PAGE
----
4. Expect Mistakes & Reflect
When you are preparing for your first online lesson with your students, expect to make mistakes and embarrass yourself in front of your students. Make light of any difficulties that you are having and be honest with the students. Perhaps they can help you when you are struggling with the technology and may have suggestions to help.
The most important thing to consider once you have finished your first online lesson is to reflect and think about what you could have done better or differently to make the lesson more successful. Reflection is probably one of the most important skills that we try to encourage newly certified teachers to consider and incorporate change, so for experienced or non-experienced online teachers, reflect and consider changing aspects of your remote teaching.
Ask yourself: What worked well? What could be improved? What would I do differently in my next class? If you keep asking yourself these questions, you should find yourself improving overall.
5. Have A Break
Sitting in the same place for a few hours can be quite boring and you will need to stretch your legs. I recommend getting away from your desk every hour for at least 10 minutes at a time. Go to the kitchen, make yourself a cup of tea or coffee. Chat to your family and you will feel refreshed and ready to teach after a few minutes break.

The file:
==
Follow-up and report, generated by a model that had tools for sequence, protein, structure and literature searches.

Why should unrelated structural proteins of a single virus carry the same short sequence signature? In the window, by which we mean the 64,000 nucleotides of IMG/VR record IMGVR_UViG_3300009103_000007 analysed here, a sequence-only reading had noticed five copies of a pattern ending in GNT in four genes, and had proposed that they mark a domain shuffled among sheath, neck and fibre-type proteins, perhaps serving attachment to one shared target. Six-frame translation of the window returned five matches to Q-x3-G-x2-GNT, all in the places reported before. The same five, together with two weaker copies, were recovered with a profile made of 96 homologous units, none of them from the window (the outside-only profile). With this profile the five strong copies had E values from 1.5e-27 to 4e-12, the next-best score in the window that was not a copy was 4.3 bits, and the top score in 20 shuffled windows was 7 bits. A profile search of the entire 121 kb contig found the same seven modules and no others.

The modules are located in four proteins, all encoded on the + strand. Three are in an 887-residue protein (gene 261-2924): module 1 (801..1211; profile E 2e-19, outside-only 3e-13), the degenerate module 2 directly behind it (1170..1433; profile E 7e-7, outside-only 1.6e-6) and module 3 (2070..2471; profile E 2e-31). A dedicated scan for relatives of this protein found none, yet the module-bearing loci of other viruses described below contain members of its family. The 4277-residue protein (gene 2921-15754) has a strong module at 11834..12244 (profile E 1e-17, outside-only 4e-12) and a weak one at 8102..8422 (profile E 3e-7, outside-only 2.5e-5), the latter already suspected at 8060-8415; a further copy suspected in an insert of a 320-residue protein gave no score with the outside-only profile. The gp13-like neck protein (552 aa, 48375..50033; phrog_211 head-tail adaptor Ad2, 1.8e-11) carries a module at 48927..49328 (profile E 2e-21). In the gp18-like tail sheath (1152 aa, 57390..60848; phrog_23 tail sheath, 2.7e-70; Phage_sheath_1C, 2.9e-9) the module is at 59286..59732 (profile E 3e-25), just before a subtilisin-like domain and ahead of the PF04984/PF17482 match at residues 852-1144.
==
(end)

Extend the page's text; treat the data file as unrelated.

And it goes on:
When having a break, you will the opportunity to share some aspects of your remote teaching with your partner, flatmate or family and they will be able to offer their own insight. Feel free to share the difficulties that you face when teaching remotely and perhaps they will be able to offer some suggestions that you hadn’t thought possible.
6. Get A Comfy Chair
As you will be sitting down in front of your laptop or computer rather than walking around the classroom, you will start to notice how uncomfortable your usual dining room chair is – or whatever chair you are using currently to help you sit at your desk. One big recommendation that I have is that you invest in a good desk or gaming chair. They can be incredibly comfortable and will definitely save your back. Some decent chairs I recommend for remote teaching include:
- GTPlayer Gaming/Office Chair: £129.99 (I have this chair and it’s incredibly comfortable and easy to set up)
- Executive Recline Office Chair: £72.99
- JL Comfurni Computer Chair: £109.99
I wish all teachers now involved with remote teaching, the very best of luck and I am sure you will find what works for you. Please let me know if you have any questions by commenting below and should you any advice for teachers without any experience of delivering remote classes, then please comment below.
I do suggest getting a desktop set up or a dual monitor set up.
A second monitor is great for having your schedule and other notes available at the ready without taking up too much of your screen!